represented the first proof of metal coordination to Na of a tertiary amide.48 Toward our goal of developing synthetic catalysts for peptide folding, we sought evidence that metal-based Lewis acids could catalyze the isomerization of substituted prolines, not just “rigged” tridentate amides such as 16. Because of their cyclic structure and their conformation in solution, prolines in peptides contain what appears to be a natural binding site for metals involving Na (eq 14). Due to A1,3 strain, the proline unit should prefer to dispose

its CR substituent pseudoaxially, and when the CR carbonyl is endo, it is poised to form a five-membered metal chelate containing the ring Na (cis-23). Even though the prolyl Na is known to be more highly pyramidalized (and thus more basic) than “normal” tertiary amides,49 the amide carbonyl of the side chain is not expected to bind as favorably to azaphilic metals as did the pyridyl nitrogens in ligands 16. Treatment of prolyl amide 22a with 5 mol % Cu(OTf)2 in THF lowered ∆Gq from 17.8 to 16.8 kcal/mol [∆(∆Gq ) 1.0 kcal/mol] for trans-to-cis isomerization, as monitored by 19F ST NMR. Catalysis was enhanced in prolyl carbam-

ate 22c (1.3 kcal/mol), which contains a more electronrich Na. Under the same conditions, the barrier in prolyl amide 22c dropped by 2.0 kcal/mol, and we observed the largest energy lowering (4.3 kcal/mol) in proline 22d.50 Ag(I) was also found to be effective for these isomerizations, but, with substrate 22a for instance, 50 mol % Ag(I) lowered the barrier by the same amount as only 5 mol % Cu(II), confirming the superior nature of Cu(II) as a catalyst for the reaction. There was no perturbation of the cis:trans equilibrium constants in any of these systems, consistent with the metal’s role as a catalyst. In both N-acetylpyrrolidine and N-Cbz-pyrrolidine, no energy

Synthetic Catalysis of Amide Isomerization Cox and Lectka

lowering occurred under standard conditions with 5 mol % Cu(OTf)2. Interestingly, less catalysis was observed when an ester side chain, as in 24, was substituted for the amide. Additionally, the barrier to rotation about the side chain amide bond, easily measured for 22b, was not altered upon the addition of Cu(II). Taken together, these observations are consistent with the ability of the side chain amide group to bind the metal (through oxygen, structure 23) and catalyze amide isomerization in proline-containing peptides.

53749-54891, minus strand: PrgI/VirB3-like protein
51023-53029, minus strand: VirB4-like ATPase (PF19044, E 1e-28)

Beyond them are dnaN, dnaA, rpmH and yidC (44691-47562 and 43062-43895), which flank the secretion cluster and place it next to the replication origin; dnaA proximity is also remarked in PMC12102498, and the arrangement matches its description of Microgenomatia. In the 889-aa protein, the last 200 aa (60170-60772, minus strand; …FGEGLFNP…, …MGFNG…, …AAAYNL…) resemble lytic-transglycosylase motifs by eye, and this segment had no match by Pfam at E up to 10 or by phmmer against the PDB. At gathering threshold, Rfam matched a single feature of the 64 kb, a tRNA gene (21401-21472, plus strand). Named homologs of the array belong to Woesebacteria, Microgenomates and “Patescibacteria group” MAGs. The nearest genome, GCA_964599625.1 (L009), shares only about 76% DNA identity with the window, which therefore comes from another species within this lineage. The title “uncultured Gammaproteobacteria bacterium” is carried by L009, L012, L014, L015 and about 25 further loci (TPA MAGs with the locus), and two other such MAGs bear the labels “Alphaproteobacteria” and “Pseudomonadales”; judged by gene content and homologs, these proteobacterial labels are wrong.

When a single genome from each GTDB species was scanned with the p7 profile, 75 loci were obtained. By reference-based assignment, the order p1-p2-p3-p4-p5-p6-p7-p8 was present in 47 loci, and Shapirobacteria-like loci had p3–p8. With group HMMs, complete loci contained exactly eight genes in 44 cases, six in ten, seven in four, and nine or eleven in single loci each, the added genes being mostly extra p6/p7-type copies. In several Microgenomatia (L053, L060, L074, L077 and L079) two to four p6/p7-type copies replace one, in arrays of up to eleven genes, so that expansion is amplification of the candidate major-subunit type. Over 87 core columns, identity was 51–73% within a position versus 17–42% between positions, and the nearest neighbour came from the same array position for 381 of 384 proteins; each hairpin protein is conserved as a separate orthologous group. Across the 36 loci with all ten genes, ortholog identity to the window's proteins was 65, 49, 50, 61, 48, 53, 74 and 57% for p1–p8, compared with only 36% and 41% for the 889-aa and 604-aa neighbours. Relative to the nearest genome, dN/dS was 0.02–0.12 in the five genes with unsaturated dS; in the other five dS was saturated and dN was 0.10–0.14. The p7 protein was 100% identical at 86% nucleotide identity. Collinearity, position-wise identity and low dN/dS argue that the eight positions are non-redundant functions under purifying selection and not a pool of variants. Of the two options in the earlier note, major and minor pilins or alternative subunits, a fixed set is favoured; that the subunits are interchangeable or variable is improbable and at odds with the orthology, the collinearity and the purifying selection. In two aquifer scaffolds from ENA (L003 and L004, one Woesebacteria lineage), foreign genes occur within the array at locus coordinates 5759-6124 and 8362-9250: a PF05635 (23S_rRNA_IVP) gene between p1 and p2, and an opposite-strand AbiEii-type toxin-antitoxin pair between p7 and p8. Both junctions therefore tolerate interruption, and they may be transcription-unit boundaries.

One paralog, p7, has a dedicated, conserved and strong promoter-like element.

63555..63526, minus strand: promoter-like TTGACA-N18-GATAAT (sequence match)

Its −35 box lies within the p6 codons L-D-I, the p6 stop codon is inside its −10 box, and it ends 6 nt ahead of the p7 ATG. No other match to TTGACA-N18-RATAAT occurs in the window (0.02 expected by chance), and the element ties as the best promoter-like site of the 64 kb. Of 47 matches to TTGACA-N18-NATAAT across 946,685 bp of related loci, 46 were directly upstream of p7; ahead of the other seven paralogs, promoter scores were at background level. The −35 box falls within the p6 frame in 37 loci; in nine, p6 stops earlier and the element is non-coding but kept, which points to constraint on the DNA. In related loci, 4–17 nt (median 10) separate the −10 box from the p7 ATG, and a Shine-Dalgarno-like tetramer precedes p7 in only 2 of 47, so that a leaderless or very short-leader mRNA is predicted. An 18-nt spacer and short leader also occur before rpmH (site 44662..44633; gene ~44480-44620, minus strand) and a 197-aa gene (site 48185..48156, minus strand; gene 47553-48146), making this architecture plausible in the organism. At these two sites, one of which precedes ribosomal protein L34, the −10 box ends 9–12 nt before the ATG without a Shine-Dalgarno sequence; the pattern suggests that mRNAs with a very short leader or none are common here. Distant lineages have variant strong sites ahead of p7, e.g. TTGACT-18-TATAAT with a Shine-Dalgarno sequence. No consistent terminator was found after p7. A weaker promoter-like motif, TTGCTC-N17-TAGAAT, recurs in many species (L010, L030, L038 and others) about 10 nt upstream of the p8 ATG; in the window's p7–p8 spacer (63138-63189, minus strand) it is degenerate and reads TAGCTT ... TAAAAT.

Studies were also performed to determine the effect of Lewis acids [mainly Cu(II) and Ag(I)] in water on the barrier to isomerization in water-soluble prolines, such as 25; however, the results are preliminary at this point, and no certain conclusions can be drawn as of yet. It was also found that a metal-bound phosphine was capable of catalyzing proline isomerization in organic solvents; for example, the barrier to rotation in 22b was reduced by 1.3 kcal/mol by 50 mol % of a Pd(II)-BINAP complex in THF. We also sought evidence that Lewis acid catalysis of amide isomerization could occur by through-bond effects. For example, tight coordination of a metal to the side chain of a proline (such as in titanate ester 26) could be expected to withdraw electron density from the amide nitrogen by a though-bond mechanism. However, no barrier lowering was observed upon complexation of oxophilic metals such as titanium to the sodium salts of N-acyl prolines.

Metal-Catalyzed “Folding” in a Model System Poly-L-proline is a remarkably structured “switch” polypeptide that reversibly interconverts between all-cis (PPI, right-handed helix) and all-trans (PPII, left-handed helix) forms, depending on the solvent environment.51 PPII helix conformations have been found to be important structural motifs for both protein structure and biorecognition,52 and poly-L-proline has been studied as a model for the folding of the collagen triple helix, one of the few documented cases of PPIase-catalyzed folding in vivo.53 As a prelude to the study of more complex systems, we investigated the ability of Cu(II) ions to catalyze the interconversion of PPII to PPI in CD2Cl2. In the presence of Cu(OTf)2 (10 wt % Cu(II) relative to poly-L-proline), we found that the rate of trans-to-cis conversion increases by a factor of 10 at 23 °C (1.4 kcal/mol of catalysis). As a logical extension of our work with poly-L-proline, we are currently interested in the catalysis of protein folding by Lewis acids in aqueous solution. Recent work has demonstrated the